Whether you are forming a new team for a specific project or leading an existing team, there are some very practical things you can do as a leader to develop a high-performing team. Here are four simple strategies to consider.
1. Toot your own horns
In the early stages, create a forum for team members to share their strengths and past experiences. This can be as simple as taking some time in a team meeting. Although some may be reluctant to toot their own horns, ask each person to share what she wants others to know or understand about her background and skills, and how that information can be useful to the team. This will help team members reach back into their past experiences, be more intentional about applying those experiences, and understand the variety and richness of the team’s collective capabilities.
2. Use the team experience to enable individual goals
Take time with each individual to understand what he wants to get from his participation on the team in the context of his professional goals. This will create more ownership and accountability — for you and for your team members — as they identify what they want to get out of the team experience, and as you proactively use this information to give them exposure to the areas of expressed interest.
3. Prevent silos
Help people see beyond their areas of responsibility and notice relationships across the team. Try this simple exercise called “Visiting New Lands” to have your team walk in each other’s shoes. This can apply to a department with different functional areas or an entire team with different areas of responsibility. Start by taping off and labeling a section of the floor for each functional area. Then pick a functional area to start with and have everyone physically stand in it together. Then ask all members of the team except for the people who work in that function to collectively answer the two questions below as if they worked there (e.g., if standing in the Finance section, everyone but the Finance team members would answer these questions as if they worked in Finance):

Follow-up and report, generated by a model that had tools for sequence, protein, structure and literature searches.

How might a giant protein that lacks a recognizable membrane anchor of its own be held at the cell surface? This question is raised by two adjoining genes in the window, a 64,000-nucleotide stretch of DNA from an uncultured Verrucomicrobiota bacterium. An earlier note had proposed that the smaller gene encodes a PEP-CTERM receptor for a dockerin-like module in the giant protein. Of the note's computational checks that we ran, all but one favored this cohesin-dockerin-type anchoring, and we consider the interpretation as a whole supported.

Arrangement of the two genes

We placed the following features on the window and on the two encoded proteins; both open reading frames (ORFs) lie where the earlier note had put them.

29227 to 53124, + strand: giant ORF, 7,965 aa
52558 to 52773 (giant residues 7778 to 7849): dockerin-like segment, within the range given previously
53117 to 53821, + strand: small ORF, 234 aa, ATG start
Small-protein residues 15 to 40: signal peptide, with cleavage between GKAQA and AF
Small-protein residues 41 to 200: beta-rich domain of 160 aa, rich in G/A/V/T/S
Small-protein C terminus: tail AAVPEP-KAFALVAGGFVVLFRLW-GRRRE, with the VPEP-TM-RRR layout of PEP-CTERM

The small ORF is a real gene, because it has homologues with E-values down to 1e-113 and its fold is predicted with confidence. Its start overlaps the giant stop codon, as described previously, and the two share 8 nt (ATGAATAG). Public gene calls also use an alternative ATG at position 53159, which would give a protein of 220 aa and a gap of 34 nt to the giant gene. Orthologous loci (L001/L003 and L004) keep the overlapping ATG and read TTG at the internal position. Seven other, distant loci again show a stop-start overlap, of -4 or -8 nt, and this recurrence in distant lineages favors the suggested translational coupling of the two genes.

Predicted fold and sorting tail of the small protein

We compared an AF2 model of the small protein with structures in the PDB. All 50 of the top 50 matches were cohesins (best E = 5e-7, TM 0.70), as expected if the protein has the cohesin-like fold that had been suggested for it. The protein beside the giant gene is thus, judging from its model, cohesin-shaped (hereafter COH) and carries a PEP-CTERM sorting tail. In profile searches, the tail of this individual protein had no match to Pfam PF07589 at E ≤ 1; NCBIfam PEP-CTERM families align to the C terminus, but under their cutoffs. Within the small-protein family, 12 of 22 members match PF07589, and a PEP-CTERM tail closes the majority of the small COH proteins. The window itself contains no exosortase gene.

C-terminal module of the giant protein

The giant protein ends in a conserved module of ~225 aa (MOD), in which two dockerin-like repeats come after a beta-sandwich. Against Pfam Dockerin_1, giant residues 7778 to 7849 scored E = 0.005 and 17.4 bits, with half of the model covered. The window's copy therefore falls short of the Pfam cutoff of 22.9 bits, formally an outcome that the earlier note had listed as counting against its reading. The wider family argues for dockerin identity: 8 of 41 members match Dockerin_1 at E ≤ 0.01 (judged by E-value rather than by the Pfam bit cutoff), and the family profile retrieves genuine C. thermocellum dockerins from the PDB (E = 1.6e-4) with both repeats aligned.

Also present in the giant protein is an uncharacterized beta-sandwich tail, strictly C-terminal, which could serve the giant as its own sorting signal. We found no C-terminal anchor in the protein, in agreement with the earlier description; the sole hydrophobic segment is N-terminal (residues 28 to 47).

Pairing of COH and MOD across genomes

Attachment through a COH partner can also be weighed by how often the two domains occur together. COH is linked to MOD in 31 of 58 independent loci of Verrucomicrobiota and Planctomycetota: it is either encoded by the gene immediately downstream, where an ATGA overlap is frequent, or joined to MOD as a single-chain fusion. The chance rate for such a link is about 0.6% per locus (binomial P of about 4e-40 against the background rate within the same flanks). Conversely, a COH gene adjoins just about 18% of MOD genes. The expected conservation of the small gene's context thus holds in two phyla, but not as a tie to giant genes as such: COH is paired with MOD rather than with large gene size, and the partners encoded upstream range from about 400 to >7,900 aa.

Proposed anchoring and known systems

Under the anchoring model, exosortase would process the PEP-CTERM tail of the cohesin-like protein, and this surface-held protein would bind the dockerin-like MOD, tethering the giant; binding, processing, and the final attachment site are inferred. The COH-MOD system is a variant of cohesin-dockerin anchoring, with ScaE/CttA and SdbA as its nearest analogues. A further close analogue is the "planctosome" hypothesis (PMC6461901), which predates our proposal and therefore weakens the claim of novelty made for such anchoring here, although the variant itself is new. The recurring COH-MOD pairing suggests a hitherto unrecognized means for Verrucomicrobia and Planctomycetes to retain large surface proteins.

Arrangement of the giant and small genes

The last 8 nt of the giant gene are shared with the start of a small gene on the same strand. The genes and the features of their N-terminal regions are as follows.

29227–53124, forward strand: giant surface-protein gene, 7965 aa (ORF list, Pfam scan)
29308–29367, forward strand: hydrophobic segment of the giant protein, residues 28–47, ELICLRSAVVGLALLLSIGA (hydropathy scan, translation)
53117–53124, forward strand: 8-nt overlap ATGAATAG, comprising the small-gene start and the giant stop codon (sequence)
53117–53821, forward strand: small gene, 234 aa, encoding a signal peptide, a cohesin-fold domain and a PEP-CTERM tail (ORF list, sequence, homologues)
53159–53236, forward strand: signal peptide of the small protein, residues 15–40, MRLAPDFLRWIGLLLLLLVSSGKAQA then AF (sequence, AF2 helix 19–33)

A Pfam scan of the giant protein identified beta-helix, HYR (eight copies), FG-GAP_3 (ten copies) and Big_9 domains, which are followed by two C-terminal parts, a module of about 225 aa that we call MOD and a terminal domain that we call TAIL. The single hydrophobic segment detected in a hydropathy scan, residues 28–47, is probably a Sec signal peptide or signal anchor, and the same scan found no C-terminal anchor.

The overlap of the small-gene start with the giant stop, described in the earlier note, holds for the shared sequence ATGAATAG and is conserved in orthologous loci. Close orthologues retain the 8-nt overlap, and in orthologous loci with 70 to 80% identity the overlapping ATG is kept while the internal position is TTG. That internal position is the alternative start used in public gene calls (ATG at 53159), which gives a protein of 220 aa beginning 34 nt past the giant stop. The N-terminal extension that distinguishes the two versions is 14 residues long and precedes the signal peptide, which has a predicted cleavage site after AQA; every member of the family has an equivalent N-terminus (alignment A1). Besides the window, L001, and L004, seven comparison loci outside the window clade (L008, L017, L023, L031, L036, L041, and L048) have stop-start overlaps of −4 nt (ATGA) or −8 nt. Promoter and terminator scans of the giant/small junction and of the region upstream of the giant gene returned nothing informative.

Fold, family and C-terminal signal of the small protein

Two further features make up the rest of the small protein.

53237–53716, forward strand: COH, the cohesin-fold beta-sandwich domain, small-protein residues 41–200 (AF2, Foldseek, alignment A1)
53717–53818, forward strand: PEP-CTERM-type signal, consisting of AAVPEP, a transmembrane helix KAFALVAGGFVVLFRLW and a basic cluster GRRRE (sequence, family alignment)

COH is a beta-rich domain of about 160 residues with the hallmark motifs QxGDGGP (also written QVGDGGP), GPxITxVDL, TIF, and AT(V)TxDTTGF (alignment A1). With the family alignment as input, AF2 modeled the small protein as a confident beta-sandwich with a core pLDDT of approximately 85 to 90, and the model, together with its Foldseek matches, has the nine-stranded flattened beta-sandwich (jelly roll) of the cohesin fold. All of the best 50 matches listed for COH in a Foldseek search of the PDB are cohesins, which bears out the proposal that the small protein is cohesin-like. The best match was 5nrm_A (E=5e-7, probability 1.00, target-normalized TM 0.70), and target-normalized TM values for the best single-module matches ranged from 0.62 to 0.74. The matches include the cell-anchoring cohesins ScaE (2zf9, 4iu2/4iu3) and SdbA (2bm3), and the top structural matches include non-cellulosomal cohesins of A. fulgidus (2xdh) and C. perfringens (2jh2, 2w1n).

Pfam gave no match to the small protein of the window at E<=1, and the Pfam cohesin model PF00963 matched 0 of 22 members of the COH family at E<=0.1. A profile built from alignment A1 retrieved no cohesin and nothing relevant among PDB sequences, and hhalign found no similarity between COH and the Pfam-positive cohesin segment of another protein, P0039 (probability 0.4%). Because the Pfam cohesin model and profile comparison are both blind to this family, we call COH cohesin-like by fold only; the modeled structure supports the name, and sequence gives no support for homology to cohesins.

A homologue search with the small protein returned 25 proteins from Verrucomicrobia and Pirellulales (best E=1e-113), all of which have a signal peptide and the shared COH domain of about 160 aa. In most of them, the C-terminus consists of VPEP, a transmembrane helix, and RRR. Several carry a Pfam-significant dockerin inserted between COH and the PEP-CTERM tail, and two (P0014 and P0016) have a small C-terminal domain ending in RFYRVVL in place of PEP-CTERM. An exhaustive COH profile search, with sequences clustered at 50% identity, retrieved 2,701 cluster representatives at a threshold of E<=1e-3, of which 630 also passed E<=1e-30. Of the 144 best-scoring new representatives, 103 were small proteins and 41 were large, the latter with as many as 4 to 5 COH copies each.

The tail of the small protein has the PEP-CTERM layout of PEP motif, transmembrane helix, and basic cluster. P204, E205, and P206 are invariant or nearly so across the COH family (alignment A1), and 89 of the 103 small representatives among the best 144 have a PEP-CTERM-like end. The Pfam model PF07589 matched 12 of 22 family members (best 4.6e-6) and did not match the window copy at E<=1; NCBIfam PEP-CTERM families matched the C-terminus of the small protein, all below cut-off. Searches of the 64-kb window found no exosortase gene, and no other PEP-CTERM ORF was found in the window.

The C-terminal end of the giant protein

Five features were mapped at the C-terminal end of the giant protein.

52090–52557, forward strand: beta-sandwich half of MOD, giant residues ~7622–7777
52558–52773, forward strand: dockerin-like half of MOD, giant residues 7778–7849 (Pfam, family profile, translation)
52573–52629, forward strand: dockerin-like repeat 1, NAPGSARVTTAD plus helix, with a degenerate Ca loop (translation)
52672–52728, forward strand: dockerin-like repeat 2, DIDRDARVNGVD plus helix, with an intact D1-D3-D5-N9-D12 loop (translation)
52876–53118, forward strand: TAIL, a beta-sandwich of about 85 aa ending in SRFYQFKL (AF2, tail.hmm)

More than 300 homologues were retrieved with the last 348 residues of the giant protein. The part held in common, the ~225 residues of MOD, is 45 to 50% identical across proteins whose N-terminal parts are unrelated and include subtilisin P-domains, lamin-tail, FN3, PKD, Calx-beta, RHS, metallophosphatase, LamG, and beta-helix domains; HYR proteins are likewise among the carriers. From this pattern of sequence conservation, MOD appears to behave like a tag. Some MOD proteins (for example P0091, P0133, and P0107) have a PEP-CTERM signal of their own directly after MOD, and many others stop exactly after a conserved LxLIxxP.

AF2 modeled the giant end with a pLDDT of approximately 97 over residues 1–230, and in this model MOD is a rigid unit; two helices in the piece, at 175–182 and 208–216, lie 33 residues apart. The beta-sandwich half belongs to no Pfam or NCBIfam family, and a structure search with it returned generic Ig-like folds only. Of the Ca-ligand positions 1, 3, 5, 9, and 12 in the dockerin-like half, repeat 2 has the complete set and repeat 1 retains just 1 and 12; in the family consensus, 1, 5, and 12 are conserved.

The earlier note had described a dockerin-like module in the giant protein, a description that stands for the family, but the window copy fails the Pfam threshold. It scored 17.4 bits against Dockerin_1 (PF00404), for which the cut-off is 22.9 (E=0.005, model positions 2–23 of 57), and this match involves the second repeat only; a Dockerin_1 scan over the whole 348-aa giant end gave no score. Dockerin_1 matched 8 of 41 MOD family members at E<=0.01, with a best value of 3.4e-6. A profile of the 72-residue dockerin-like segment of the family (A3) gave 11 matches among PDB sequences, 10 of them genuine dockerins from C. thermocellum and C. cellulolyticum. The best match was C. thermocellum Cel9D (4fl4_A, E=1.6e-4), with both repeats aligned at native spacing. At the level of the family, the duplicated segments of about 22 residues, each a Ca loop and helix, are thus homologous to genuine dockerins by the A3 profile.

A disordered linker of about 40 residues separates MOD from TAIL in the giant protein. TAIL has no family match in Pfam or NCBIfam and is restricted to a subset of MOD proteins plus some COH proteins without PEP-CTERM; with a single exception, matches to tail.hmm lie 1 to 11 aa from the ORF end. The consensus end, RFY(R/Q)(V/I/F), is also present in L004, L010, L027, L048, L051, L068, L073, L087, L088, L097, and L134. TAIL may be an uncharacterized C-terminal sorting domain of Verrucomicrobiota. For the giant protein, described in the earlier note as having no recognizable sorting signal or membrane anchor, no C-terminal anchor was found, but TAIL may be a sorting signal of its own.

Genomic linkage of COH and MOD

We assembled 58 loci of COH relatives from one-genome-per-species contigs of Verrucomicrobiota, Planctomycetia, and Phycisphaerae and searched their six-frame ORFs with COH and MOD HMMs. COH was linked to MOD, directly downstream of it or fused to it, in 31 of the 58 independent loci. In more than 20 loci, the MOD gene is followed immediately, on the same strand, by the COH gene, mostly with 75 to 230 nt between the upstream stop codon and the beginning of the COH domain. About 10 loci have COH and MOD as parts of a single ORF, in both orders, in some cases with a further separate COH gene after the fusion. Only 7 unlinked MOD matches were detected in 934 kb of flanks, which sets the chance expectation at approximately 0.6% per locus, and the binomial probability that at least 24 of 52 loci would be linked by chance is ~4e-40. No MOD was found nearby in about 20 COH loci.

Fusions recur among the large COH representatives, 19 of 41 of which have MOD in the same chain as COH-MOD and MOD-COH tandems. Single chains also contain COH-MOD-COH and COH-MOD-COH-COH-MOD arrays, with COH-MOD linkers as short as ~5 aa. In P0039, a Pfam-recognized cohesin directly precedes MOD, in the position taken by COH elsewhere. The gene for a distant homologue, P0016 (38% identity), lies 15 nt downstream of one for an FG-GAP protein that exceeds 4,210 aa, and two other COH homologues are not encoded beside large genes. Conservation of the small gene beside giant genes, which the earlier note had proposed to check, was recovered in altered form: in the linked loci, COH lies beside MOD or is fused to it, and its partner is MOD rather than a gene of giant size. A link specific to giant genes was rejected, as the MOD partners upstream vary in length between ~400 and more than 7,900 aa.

1. What are your top three challenges?
2. What are your top three priorities?
After everyone has answered the questions for that particular area, the team members who do work in that functional area can share their actual challenges and priorities. Then move to the next area and repeat the exercise until you have discussed each area. This exercise can provide invaluable insight into each functional area, highlight common themes across the entire team, create empathy within the team, and ignite the team’s commitment to helping one another.
4. Drive alignment through team goals
Last but not least, don’t underestimate the importance of having a common definition of success for your team as a whole — i.e., team goals and guidelines. This will allow you to drive alignment within the team and depersonalize differences of opinion by allowing the deciding factor to be whether something enables or detracts from the team’s goals.
As you know, there are many strategies to develop a high-performing team — and many of these may be reminders of what you already know. I want to challenge you to put one of these into play over the next month, if you haven’t already.
© 2012 Neena Newberry | All rights reserved.